Health Care Policy Group Warns New Law May Allow Breach of Medical Confidentiality


Citizens for Choice in Health Care (CCHC), a Minnesota health care policy organization, has recently discovered that a portion of the K-12 Education bill, which violated federal law (42 U.S.C.Sec. 405) by requiring the collection of student social security numbers, was not completely dropped from the 1998 bill.
Loss of Privacy in the Schools . . .
Although the bill, now law, no longer mandates collection of social security numbers, it authorizes the Department of Children, Families, and Learning to seek a federal waiver&emdash;permission from the IRS to bypass federal law&emdash;to "obtain access to federal income tax information"(Chpt. No. 398, Art.6) on families though social security numbers. Twila Brase, R.N., President of CCHC, says, "If the waiver is granted, parents may be required to supply their social security number or the social security numbers of their children to schools. The schools would then send the social security numbers to the Minnesota Department of Revenue which would link them to the income status of parents."
According to Brase, schools want access to social security numbers because the federal funding formula for schools has changed. Until recently, schools received federal funds for at-risk programs on the basis of how many children in each school were enrolled in AFDC. Now schools receive funds according to the number of children eligible for the free and reduced lunch program. Because some families, unwilling to be identified as poor, do not sign up, federal funding to schools has decreased. Access to social security numbers would allow schools to receive federal funding according to aggregate categorization of students &emdash;perhaps against the wishes of parents.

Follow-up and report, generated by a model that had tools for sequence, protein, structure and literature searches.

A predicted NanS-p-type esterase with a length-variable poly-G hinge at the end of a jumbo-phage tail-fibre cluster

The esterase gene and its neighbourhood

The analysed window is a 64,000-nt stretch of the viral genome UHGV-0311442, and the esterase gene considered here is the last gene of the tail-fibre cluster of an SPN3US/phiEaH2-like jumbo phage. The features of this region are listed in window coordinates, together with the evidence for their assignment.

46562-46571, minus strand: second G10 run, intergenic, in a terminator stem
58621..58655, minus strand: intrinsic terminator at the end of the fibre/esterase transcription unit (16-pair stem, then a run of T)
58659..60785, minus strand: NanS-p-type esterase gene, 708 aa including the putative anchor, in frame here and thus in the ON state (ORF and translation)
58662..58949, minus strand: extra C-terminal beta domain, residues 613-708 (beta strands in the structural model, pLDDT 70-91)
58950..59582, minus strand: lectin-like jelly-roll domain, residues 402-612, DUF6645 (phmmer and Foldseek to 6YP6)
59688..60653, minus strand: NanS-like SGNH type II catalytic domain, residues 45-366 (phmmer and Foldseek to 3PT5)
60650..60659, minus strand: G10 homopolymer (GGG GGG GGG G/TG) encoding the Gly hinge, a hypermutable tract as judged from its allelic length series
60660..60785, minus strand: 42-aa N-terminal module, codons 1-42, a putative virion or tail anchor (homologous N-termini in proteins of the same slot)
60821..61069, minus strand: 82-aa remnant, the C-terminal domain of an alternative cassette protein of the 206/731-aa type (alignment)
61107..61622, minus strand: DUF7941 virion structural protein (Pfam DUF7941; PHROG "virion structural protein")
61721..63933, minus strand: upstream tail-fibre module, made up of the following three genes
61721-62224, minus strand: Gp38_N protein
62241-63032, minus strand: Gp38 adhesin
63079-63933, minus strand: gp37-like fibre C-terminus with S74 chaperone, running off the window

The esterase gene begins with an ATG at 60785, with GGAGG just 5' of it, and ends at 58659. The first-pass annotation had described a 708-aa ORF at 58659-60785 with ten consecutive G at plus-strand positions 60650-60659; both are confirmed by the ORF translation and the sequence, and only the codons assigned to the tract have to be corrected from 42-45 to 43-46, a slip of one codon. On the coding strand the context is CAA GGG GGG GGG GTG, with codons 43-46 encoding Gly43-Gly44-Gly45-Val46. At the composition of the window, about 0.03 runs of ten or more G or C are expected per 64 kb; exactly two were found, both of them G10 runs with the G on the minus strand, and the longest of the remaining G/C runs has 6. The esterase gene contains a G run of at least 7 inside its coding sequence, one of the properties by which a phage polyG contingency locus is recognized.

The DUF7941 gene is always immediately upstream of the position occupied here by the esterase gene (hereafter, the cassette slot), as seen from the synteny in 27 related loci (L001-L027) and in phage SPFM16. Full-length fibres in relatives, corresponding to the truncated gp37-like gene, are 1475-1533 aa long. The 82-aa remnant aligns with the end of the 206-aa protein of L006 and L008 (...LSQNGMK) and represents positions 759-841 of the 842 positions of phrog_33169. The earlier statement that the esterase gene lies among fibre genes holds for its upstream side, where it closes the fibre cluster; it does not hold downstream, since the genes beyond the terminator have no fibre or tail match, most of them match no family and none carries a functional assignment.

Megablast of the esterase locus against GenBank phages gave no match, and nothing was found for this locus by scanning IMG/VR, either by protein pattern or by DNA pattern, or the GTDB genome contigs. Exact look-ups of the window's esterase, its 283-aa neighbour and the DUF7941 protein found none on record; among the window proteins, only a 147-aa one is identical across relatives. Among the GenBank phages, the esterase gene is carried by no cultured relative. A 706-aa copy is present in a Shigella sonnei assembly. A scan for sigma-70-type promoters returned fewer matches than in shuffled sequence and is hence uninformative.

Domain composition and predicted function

May Lead to Loss of Medical Privacy
Citizens for Choice in Health Care has spent four years at the Capitol dealing with health care, and medical confidentiality issues and is concerned that the collection of social security numbers on children will lead to unwarranted linkages with medical records, most of which now are stored under social security numbers. In addition, the new federal KidCare program requires State officials to identify and enroll all children eligible according to income guidelines. As health plans form public-private partnerships with schools, CCHC is concerned that state officials could use social security numbers to facilitate unwelcome identification of children and families.
Rep. Alice Seagren (R-Bloomington) who sat in the K-12 conference committee, says "Parents don't realize how they're being used. If they won't volunteer that they are poor, we decide to get their social security numbers to find out if they are. It's not acceptable to the government that some people don't want to volunteer that information. We sacrifice privacy on the alter of always trying to get more money."
Brase says the Department of Children, Families and Learning will work with the Minnesota Department of Revenue over the summer on necessary requirements of the waiver application process.
Spring 1998
Citizens for Choice in Health Care
Published with permission

1999 UPDATE: On November 9, 1998, the Minnesota Division of Information Technologies received a letter from the IRS saying in part,

"Unfortunately, there are no provisions in the Code that authorize the IRS to disclose return information to States for the purpose of determining the family income status of children enrolled in public schools. Therefore, there is no authority for IRS to disclose such data to you directly without the taxpayer's consent."